"God gave me photography so that I could pray with my eyes" - Dewitt Jones

User avatar
St3v3M
Key Founding Member
Key Founding Member
Posts: 3663
Joined: Sun Apr 17, 2016 1:02 am
Location: 35,000 feet
Social Media Opt-In: Yes
Editing option: Yes, feel free to edit my image
Contact:

Post by St3v3M » Wed Dec 20, 2017 3:51 am

minniev wrote:... The lens has a 1:1 setting and two others that I haven't yet figured out the difference between, but the true 1:1 requires manual focus, and I didn't realize that till I got home and downloaded the instruction sheet so I could read it. The sheet in the box was printed in the correct size font for ladybugs and pixies to read, but not elderly humans.

WELCOME TO THE OLYMPUS LEARN CENTER

M. ED 60mm f2.8 Macro Product Support
M. ED 60mm f2.8 Macro Instruction Manual
"Take photographs, leave footprints, steal hearts"

User avatar
uuglypher
Mentoris Grandis
Mentoris Grandis
Posts: 287
Joined: Mon Apr 18, 2016 3:57 pm
Social Media Opt-In: No
Editing option: No, please do not edit my images
Contact:

Post by uuglypher » Wed Jan 03, 2018 4:37 am

Hi, Min,
I am fascinated by your image!

Chromatically, the complementary orange conifer needles and the green and purplish-blue leaves, all entrapped in the almost slate-like neutral grayish blue ice...wonderful!

...and then the influence that all the stuff on the surface of the freezing water had on the planes and broad sheets, and radiating long triangular facets of the surface at the moment you happened to catch it is reminiscent...to my mind, at least, of the natural cleavage planes to be observed in some forms of hard slate and other “mudstones”

The incredible interplay of the biological and the inorganic physico-chemical and thermodynamic and surface tension eff3cts on the freezing water surface is simply mind-blowing.

It is a compellingly engrossing image.

Did I mention I really like it?

I cannot imagine your having captured this image in a more perfect manner.

Dave

User avatar
minniev
Mentoris Maximus
Mentoris Maximus
Posts: 2658
Joined: Sun Apr 17, 2016 3:55 am
Location: Mississippi
Social Media Opt-In: Yes
Editing option: Yes, feel free to edit my image
Contact:

Post by minniev » Wed Jan 03, 2018 12:43 pm

uuglypher wrote:
Wed Jan 03, 2018 4:37 am
Hi, Min,
I am fascinated by your image!

Chromatically, the complementary orange conifer needles and the green and purplish-blue leaves, all entrapped in the almost slate-like neutral grayish blue ice...wonderful!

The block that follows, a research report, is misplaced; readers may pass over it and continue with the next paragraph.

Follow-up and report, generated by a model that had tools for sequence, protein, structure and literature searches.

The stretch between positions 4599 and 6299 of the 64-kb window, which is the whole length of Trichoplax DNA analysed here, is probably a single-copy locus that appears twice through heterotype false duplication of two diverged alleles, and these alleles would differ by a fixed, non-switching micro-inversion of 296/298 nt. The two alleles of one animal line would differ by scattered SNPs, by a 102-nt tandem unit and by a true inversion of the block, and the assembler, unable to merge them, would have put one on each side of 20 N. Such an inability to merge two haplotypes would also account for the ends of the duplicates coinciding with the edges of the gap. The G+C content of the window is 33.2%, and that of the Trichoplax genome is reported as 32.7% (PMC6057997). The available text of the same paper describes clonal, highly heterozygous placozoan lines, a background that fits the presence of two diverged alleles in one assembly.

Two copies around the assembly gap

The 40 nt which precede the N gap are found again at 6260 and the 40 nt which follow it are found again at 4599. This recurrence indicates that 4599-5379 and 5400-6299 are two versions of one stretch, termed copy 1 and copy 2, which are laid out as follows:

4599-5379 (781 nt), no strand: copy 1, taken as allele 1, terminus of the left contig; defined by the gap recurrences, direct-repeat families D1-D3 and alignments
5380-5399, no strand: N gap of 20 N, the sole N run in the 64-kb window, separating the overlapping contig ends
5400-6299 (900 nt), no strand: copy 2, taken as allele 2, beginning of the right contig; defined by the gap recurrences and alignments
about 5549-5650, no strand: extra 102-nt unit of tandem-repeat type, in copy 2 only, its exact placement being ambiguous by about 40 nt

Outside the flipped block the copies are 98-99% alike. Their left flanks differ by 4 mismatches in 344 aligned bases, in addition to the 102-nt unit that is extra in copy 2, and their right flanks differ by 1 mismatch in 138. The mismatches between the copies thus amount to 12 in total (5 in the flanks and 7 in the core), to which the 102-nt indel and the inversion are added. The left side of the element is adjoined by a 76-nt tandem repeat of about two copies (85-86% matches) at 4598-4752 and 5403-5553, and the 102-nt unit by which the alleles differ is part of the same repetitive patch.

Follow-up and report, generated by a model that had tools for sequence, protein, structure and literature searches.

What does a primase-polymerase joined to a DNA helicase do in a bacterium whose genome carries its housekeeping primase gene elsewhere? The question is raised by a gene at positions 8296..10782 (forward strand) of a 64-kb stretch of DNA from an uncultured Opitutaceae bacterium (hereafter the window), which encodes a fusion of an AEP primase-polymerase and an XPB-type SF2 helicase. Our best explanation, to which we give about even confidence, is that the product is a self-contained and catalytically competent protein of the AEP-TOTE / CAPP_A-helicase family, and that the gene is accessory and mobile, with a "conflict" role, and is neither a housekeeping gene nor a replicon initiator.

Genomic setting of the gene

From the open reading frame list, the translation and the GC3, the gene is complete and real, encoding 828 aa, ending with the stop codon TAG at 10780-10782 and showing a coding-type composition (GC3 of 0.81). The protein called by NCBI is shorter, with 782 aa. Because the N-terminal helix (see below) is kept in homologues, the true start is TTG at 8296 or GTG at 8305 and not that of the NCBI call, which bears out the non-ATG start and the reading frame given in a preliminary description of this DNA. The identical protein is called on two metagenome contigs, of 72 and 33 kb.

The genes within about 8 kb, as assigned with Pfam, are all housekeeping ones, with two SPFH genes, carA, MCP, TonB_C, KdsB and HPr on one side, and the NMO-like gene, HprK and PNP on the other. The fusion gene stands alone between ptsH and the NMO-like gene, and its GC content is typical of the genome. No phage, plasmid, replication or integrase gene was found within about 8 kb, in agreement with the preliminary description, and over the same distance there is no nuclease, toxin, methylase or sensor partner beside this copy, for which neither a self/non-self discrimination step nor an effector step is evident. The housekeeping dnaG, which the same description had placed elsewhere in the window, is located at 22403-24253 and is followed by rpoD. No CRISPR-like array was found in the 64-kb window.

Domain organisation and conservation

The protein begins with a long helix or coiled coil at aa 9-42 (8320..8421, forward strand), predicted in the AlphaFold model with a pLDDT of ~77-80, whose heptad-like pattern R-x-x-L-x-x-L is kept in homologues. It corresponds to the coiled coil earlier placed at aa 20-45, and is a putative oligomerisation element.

...and then the influence that all the stuff on the surface of the freezing water had on the planes and broad sheets, and radiating long triangular facets of the surface at the moment you happened to catch it is reminiscent...to my mind, at least, of the natural cleavage planes to be observed in some forms of hard slate and other “mudstones”

The incredible interplay of the biological and the inorganic physico-chemical and thermodynamic and surface tension eff3cts on the freezing water surface is simply mind-blowing.

It is a compellingly engrossing image.

Did I mention I really like it?

I cannot imagine your having captured this image in a more perfect manner.

Dave
So good to see you back Dave! Play with us a while!

Glad you like the image. Ice can indeed create some wonderful patterns, though I don't know what makes it form so differently under what kinds of different circumstances. I'm headed into the swamp this morning to see if today's ice is different from yesterdays, which had so little pattern to it in most spots. The color won't be as good this round as all the cypress have dropped their orange needles, and most of the greens died with the first freeze. But the browns and blues may be interesting.
"God gave me photography so that I could pray with my eyes" - Dewitt Jones

User avatar
Charles Haacker
Mentoris Primus
Mentoris Primus
Posts: 1611
Joined: Mon May 01, 2017 7:20 pm
Location: Lincoln, Nebraska, USA
Social Media Opt-In: No
Editing option: No, please do not edit my images
Contact:

Post by Charles Haacker » Wed Jan 03, 2018 3:20 pm

Dave articulated beautifully what I wood'a said. I love the picture as well and would have it on a wall. It would be especially nice to stare at when it's 110 with matching humidity. :D (Weather is like buses...)
Friends call me Chuck. :photo: This link takes you to my Flickr albums. Please click on any album to scroll through it.
(I prefer to present pictures in albums because I can put them in specific order.)

All the great photographers use cameras! No, really. :|

Post Reply
  • Similar Topics
    Replies
    Views
    Last post

Who is online

Users browsing this forum: No registered users and 1 guest